For our last day in Lospalos – Sunday – we knew we would have a Final Jam with all our regular participants. But I had a further plan in store – for the last few days I’d been making a list of everyone’s full names (Timorese full names tend to be very long and very Catholic), and Mana Kim had brought over a number of Many Hands International certificates with her, so on that last day we decided to present certificates to everyone.
Things took a dodgy turn early in the day when I showed Valda the list of names I had. There were a couple of spellings I wanted to check, but as Valda read through the list she started to exclaim and scold the two nearby children in tones of immense outrage.
“Aat liu!” she shouted [=terrible; very bad]. “Very bad words they have written here!”
Oops. Looked like some naughty participant(s) had written some very rude words in Fataluku on my list of names, hoping they would get written onto certificates and called out during the presentation by some unsuspecting malae. Tony and I both had to suppress a giggle at the thought of this; but Valda was really appalled, and she insisted on writing the list out again.
The trouble was, when she gave her list to me, there were only 18 names on it. There’d been 52 names on the list I’d been compiling throughout the week – Valda had obviously culled some.
“I’ll still need the other list back,” I explained to her and the boys. They looked around them confused. What had they done with it? “I need to check it,” I told them again.
“But mana, very bad words,” Valda said. “No good.”
“I know, I know,” I reassured her. “It’s okay. But I still need to check that the real names are the same.”
The three of them then retrieved the list from the front garden, where it had apparently been screwed into a ball, ripped up, and flung out in many small pieces. We set out reconstructing it, tiny crumpled jigsaw puzzle that it was now, and eventually I was back to a list of about 40 names.
Even so, I had a horrible feeling someone would be left out, and as Tony and I wrote out the certificates, we kept a few blanks aside, just in case.
At presentation time, which was after our last local jam, all the children sat down on the verandah on my large workshop mat. They started by sitting in a circle, out of habit and expectation, but I told them they could use the whole mat, so many other children who’d been waiting at the edge of the verandah came and filled up the middle of the circle.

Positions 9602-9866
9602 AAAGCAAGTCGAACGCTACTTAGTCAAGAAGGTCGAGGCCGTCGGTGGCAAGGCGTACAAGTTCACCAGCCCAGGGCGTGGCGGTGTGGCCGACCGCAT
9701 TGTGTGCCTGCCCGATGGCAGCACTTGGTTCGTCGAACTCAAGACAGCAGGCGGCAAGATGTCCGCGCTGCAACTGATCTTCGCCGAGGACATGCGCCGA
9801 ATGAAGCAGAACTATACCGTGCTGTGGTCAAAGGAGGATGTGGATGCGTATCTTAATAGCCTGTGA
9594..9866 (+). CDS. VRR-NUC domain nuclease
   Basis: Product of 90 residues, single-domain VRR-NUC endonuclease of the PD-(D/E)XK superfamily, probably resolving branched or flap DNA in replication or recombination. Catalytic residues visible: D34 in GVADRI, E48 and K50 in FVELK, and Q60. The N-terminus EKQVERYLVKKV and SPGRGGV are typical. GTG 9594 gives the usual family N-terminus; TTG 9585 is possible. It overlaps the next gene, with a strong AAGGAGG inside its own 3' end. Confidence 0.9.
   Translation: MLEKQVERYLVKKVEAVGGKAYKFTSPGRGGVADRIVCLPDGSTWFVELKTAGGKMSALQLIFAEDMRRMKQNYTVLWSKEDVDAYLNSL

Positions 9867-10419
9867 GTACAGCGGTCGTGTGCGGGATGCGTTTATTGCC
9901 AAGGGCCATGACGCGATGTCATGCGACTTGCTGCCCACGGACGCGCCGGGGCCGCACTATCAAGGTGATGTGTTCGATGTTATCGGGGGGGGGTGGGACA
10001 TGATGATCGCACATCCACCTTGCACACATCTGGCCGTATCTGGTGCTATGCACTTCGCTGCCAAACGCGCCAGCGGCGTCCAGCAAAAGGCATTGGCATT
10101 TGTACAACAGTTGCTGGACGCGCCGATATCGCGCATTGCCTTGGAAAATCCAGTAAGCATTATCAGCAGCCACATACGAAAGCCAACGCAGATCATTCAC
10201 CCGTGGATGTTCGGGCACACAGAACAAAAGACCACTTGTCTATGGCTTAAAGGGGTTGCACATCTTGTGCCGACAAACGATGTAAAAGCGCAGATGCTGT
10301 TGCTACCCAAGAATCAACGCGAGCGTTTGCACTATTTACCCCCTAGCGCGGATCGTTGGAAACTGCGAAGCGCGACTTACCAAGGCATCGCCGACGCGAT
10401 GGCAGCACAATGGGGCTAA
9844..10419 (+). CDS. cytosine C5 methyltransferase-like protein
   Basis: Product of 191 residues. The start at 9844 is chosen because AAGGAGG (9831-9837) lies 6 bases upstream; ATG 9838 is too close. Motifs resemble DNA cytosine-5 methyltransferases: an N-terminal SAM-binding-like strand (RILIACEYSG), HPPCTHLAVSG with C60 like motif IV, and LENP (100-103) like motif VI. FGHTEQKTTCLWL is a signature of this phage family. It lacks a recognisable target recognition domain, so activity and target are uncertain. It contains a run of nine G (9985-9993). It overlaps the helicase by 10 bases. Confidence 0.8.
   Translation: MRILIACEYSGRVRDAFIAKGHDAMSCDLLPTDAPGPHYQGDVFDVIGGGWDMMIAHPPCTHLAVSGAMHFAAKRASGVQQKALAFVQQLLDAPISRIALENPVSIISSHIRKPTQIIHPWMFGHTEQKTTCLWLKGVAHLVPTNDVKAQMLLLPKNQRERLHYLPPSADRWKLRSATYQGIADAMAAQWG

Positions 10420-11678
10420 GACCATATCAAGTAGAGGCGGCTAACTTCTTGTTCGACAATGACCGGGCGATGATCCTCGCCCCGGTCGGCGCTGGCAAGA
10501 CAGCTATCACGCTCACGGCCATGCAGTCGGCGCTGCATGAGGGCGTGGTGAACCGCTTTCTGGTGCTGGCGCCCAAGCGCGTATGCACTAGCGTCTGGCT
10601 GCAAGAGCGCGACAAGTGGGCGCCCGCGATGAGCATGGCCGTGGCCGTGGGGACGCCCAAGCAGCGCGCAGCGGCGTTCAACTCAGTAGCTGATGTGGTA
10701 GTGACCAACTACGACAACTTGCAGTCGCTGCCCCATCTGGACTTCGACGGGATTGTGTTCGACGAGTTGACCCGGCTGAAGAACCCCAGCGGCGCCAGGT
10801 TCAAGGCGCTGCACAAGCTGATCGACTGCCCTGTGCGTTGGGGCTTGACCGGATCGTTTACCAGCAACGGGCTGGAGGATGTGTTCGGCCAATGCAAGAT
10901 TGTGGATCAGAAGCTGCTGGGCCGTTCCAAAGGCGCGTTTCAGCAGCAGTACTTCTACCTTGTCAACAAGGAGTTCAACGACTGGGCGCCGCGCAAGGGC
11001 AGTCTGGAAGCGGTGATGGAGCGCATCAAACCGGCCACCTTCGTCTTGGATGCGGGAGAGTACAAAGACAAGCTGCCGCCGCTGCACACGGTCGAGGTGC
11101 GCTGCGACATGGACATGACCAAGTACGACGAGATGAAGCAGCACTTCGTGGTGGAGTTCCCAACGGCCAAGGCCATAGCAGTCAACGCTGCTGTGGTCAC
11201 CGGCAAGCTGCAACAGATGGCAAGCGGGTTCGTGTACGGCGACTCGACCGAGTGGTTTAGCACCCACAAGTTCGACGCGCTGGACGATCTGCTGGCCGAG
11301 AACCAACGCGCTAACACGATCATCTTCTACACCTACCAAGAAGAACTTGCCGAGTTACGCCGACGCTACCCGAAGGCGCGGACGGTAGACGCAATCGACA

A small group of parents had also come along to watch (at the end of the Jam I’d asked the children to go home and bring back a parent or ‘significant other person’ to watch the presentation. A few had done this, which was lovely, as we had never really got to meet many of their parents). Tony, Kim and I stood at the end of the verandah facing the children on the mat. Sarah emerged from her malarial sick bed to be part of the proceedings too.
I held the stack of certificates, and read out each of the names. The crowd greeted each name with a round of applause and further hearty congratulations (eg. “Celestinu, yeeaah, whoooo!”), and the recipients stood up and walked to the front and shook first my hand, and received their certificate, then went on to shake Tony’s , then Kim’s then – quite often – Sarah’s.
It was lovely! Perhaps it was more formal than people might have expected for such an informal program of music-making on a verandah, but I liked the way it really did feel like an ending. Earlier in the week, I’d had the impression that, despite us talking about it as our last week, that we were soon to leave, people weren’t really taking it in. We’d come and gone from Lospalos a few times already in the recent months – perhaps people thought we were taking another short trip away. This presentation, late on a Sunday afternoon, had a sense of finality about it.
At the end of the presentation I looked across the group of children on the mat, checking they all had certificates. There was one boy who didn’t, and at this stage his big dark eyes were looking incredibly anxious and glassy, and he didn’t seem to trust himself to speak, he was so upset. I apologised to him, trying to reassure him that of course we knew he was part of the verandah jam group. I explained to everyone the confusion there had been with the lists earlier that day. We found out his full name and wrote a certificate out for him.
At that point, unsurprisingly, it turned out there were many among the assembled crowd who also thought they should probably have a certificate.
“Mana,” said one young regular to me, with great solemnity and authority. “This girl here doesn’t have a certificate yet.” The child in question was aged about 2 and I’d never seen her before. I explained to her benefactor that the certificates were really just for those who’d participated, and that she hadn’t actually participated in anything. I added, “She can have one next time we come, when she is old enough to join in. At the moment she can’t even read!” We kept writing until all the blanks were gone.
Certificates are important in Timor Leste. I don’t think people get to see their names in print very often, there is perhaps not a lot of celebration of people’s individual contributions or developent of new skills, and certificates are much-prized acknowledgements. People don’t mind what it is they are getting the certificate for, and they don’t get too old or mature for certificates. And are never too young, it turns out!